(SportsNetwork.com) - Tom Savage made three different stops during his college career, a nomadic lifestyle he hopes will change on the professional level.
The strong-armed former University of Pittsburgh quarterback was taken by the Houston Texans in the fourth round of the NFL Draft on Saturday with the 135th pick overall, the seventh signal caller to be selected.
Houston, of course, was expected to address its muddled quarterback situation early in this draft but days one and two came in went as the Texans scored with value picks through the third round.
Superstar defensive end Jadeveon Clowney was a no-brainer for the Texans at No. 1 overall once the organization couldn't extract a king's ransom for his services. After that, though, observers expected to hear the name of a QB every time Houston took a turn.
Instead the Texans found plug-and-play starters at both Nos. 33 and 83, UCLA offensive guard Xavier Su'a-Filo and Notre Dame nose tackle Louis Nix. And in between those two picks, Houston GM Rick Smith was able to garner one of the better two-way tight ends in the draft, the highly-regarded C.J. Fiedorowicz of Iowa.
There was no sense of urgency at the game's most important position, however, leading many to speculate that Smith and new head coach Bill O'Brien were honing in on Tom Brady's backup in New England, Ryan Mallett.
The speculation certainly made sense because O'Brien is very familiar with Mallett from his time with the Patriots and is believed to be coveting, strong-armed cadence callers like the 6-foot-7, 240-pound University of Arkansas product.
The fact that New England selected Eastern Illinois QB Jimmy Garoppolo in the second round only fueled things because it seemed like the Pats were searching for Mallett's potential replacement as Brady's caddy.
And in the end Mallett may still end up in south Texas but if he gets there he will have some extra competition because Smith was able to provide O'Brien another Joe Flacco-sized thrower by snaring the 6-foot-4, 228-pound Savage on Saturday.
Savage may have been a little disappointed with his final positioning in the process because a lot of scouts had him rising up their draft boards in the weeks leading up to the draft thanks in large part to his prototypical size and arm strength, coupled with a very quick release.
The problem, however, was his inactivity before he arrived at Pitt and the fact that there just wasn't enough "good tape" on Savage, who began his college career at Rutgers in 2009 and then transferred to Arizona before landing in western Pennsylvania, where he threw for 2,958 yards and 21 touchdowns last season.
"I played my true freshman year at Rutgers and then (as a) sophomore I got hurt and after the fourth game, coach (Greg) Schiano went with the hot hand," Savage said on a conference call with the Houston media after he was selected. "At that time I was just a young, 19-year-old bitter kid who thought that I was entitled to some things, so I decided to get a fresh start elsewhere."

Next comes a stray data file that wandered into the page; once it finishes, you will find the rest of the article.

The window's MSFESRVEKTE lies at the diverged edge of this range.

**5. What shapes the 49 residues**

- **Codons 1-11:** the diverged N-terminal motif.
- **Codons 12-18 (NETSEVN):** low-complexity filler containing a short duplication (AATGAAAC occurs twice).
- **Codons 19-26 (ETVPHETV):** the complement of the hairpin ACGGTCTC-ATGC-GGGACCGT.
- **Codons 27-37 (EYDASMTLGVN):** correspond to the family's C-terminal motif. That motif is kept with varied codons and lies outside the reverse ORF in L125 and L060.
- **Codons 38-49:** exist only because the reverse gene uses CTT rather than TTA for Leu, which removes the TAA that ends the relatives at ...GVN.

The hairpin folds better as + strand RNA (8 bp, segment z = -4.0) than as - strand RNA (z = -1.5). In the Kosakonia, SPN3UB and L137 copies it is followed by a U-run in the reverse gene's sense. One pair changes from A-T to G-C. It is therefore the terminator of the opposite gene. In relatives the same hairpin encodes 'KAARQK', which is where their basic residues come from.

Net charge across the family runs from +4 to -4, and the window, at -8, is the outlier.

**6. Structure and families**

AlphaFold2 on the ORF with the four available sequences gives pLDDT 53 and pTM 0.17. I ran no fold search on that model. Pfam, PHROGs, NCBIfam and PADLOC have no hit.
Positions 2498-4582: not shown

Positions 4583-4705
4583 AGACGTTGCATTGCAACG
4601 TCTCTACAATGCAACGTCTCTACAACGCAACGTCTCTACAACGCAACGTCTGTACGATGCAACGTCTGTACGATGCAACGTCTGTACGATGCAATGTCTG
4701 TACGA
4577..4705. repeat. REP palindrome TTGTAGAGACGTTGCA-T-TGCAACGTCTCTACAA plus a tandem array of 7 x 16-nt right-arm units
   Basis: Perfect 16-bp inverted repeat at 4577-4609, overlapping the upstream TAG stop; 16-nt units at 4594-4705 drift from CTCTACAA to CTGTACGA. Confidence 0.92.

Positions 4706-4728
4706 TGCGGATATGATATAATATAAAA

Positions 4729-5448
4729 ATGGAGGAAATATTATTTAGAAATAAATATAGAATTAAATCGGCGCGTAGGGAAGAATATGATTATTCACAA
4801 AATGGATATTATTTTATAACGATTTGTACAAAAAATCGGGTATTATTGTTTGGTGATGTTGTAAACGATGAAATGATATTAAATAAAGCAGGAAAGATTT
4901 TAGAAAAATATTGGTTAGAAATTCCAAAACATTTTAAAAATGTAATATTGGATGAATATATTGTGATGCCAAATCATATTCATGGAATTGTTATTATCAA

The jumping around certainly soured some on Savage as a prospect and "entitlement" became the buzzword when he was discussed, a sentiment the Philadelphia-area native has fought hard to reverse.
"I think I went to Rutgers as a high recruit, played early, and kind of got sucked into the hype," he admitted. "I played well but I think I became a little complacent with it and I think the best thing for me was to face adversity at a young age and to go through this whole journey because it humbles you and it makes you mature as a man."
Barring Mallet's arrival in Houston Savage will be competing against a triumvirate which includes veteran free agent signee Ryan Fitzpatrick as well as youngsters Case Keenum and T.J. Yates, who have both been given limited opportunities by the Texans in the past but have hardly set the world on fire.
"I'm just going to have to come in there and work and compete and that's all you can really ask for," Savage said. "I think I obviously have a lot to learn and I went 1,024 days without playing football and played one year at Pitt. I think I have a lot to improve. I'm excited to just get in there and start working."
Schiano, the former Tampa Bay head coach, is still a fan of his former quarterback at Rutgers despite the problems he had with him and believes Savage could be the answer for O'Brien and the Texans.
"I think Houston is a great fit (for Savage)," Schiano said on the NFL Network. "Billy O'Brien will do a tremendous job bringing Tom along. Tom is the kind of guy that I think Billy is going to enjoy coaching. Tom is going to grind, he's going to be there, he's going to study, he's going to do the things you want your quarterback to do.
"He's a cool customer. He's going to be a good player in this league."